“Positive,” was Tom’s answer. “I put it on top of yours and Dick’s.”

“Then it must have jounced out somewhere on the road.”

“What’s up?” asked Dick, catching a little of the talk.

“Tom’s case is gone. He put it on top of ours, and I suppose coming over that rough road jounced it out.”

“One of the satchels gone, eh?” came from Mr. Sanderson. “Sure you put it in?”

“Yes, I am positive.”

“Too bad. Reckon I’d better go back at once and pick it up.”

“I’ll go with you,” said Tom.

The matter was talked over for a minute and then Tom and the farmer reëntered the carriage and drove off. As they did this a man came out to meet Dick and Sam.

“New students?” he asked shortly.

“Yes,” replied Dick.

“Please step this way.”

The doorman led them along a broad hall and into a large office. Here they signed a register and were then introduced by an under teacher to Dr. Wallington, a gray-haired man of sixty, tall and thin, with a scholarly aspect. The president of Brill shook hands cordially.

“I feel that I know you young gentlemen,” he said. “Your father and I were old school chums. I hope you like it here and that your coming will do you much good.”

“Thank you, I hope so too,” answered Dick, and Sam said about the same. The two boys felt at once that the doctor would prove their friend so long as they conducted themselves properly, but they also felt that the aged president of Brill would stand for no nonsense.

Having been questioned by the doctor and one of the teachers, the boys were placed in charge of the house master, who said he would show them to their rooms in the dormitory. Dick had already explained the absence of Tom.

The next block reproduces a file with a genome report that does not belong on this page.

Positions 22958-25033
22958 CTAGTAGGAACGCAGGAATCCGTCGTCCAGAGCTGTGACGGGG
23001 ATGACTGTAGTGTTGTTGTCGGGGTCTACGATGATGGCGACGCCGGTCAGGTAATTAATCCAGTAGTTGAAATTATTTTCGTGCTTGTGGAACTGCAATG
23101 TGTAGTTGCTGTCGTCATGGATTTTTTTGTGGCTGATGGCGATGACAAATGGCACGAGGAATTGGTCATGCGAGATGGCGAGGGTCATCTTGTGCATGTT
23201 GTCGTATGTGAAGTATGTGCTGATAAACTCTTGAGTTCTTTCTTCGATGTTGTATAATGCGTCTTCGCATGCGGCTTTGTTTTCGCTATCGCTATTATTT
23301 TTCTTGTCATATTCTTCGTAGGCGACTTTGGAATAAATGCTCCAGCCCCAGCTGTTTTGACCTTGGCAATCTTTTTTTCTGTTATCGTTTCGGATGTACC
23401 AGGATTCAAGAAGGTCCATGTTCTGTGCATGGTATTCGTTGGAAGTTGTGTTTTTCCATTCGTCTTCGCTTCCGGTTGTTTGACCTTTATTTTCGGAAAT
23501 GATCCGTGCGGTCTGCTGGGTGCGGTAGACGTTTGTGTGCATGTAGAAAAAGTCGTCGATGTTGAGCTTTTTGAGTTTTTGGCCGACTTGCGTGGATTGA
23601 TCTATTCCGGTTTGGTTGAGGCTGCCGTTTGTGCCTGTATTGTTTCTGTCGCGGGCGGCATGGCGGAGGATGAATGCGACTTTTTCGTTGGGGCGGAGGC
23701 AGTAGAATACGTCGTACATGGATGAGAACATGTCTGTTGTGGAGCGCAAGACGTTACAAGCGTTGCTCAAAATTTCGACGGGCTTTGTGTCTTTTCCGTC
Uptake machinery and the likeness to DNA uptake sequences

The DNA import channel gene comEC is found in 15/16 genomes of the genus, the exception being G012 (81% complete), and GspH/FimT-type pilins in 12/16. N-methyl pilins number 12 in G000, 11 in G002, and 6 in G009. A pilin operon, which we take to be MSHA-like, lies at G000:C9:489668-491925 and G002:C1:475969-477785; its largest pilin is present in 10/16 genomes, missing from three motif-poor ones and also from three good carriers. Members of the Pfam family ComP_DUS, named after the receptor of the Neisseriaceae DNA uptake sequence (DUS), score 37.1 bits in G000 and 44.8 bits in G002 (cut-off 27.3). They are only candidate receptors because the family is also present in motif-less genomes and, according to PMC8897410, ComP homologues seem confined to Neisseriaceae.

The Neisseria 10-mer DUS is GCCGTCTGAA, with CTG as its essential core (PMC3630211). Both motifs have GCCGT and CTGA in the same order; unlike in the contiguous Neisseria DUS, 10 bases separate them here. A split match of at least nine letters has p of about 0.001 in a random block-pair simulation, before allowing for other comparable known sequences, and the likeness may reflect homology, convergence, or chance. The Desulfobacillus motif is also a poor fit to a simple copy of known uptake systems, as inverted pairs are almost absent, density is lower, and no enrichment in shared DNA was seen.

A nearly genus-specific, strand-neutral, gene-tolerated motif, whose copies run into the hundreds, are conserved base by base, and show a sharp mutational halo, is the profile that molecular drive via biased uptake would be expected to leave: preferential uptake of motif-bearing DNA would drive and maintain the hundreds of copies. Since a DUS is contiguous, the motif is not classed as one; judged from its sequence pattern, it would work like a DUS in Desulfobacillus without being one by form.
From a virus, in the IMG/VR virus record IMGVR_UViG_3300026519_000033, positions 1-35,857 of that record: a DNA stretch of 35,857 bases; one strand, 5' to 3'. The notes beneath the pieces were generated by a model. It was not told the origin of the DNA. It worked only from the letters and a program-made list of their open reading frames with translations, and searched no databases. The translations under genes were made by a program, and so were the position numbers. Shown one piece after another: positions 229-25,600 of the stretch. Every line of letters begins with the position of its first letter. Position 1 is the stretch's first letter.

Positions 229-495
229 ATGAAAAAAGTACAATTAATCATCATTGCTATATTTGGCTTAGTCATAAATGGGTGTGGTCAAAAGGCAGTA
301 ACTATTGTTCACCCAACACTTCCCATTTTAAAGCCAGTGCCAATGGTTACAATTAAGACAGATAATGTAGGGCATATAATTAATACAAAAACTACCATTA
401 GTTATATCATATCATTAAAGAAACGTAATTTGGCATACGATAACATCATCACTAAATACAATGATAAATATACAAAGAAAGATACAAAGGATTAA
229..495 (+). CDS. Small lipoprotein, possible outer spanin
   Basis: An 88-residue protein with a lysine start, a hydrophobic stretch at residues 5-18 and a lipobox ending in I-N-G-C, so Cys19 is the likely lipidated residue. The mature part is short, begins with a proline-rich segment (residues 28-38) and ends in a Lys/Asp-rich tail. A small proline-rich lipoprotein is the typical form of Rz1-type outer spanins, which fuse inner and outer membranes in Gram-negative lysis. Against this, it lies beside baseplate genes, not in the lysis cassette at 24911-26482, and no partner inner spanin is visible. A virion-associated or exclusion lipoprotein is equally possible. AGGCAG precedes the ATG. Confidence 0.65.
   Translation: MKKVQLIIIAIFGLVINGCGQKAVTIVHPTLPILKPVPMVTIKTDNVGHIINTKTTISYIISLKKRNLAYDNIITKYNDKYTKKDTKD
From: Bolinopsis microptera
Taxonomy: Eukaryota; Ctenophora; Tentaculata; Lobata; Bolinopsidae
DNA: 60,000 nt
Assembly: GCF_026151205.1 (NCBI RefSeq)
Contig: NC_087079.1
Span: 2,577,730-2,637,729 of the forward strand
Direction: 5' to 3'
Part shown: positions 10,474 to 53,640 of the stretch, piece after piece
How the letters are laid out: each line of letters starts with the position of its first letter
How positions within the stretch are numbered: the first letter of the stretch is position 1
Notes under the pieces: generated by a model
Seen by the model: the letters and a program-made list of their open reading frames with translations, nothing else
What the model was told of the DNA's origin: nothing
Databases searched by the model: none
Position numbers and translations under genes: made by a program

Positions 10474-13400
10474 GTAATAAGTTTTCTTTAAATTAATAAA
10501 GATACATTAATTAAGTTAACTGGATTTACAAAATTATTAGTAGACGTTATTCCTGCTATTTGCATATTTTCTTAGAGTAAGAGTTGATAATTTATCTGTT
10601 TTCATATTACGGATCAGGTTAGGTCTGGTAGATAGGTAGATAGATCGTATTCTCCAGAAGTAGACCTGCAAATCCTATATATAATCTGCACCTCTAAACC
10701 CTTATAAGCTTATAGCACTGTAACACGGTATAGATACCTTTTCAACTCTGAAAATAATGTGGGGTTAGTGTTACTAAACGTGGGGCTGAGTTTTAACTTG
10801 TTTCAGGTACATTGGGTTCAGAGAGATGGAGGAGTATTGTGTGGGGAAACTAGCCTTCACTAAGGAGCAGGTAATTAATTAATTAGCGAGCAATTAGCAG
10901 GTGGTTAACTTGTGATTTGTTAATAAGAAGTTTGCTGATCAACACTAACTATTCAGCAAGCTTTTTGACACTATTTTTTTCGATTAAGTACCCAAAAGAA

“Your father wrote that you would prefer to room together,” said the house master. “But that will be impossible, since our rooms accommodate but two students each. We have assigned Samuel and Thomas to room No. 25 and Richard to room No. 26, next door.”

“And who will I have with me?” asked Dick with interest. He did not much fancy having a stranger.

“Well, we were going to place a boy with you named Stanley Browne, a very fine lad, but day before yesterday we received a new application and the applicant said he desired very much to be put with the Rovers. So he can go with you, if you wish it.”

“Who was the applicant?” asked Dick quickly.

“John A. Powell. He said he was an old school chum of yours at Putnam Hall and had been on a treasure hunt with you during the past summer.”

“Songbird!” cried Dick, and his face broke out in a smile. “Oh, that’s good news! It suits me perfectly.”

“Did you call the young man Songbird?” queried the house master.

“Yes, that’s his nickname.”

“Then he must be a singer.”

“No, he composes poetry–or at least verses that he calls poetry,” answered the eldest Rover.

“I wish some more of the old Putnam Hall crowd were coming,” put in Sam. “Think of having Hans Mueller here!” And the very idea made him grin.

“Hans isn’t fit for college yet, Sam. But there may be others,” added Dick hopefully.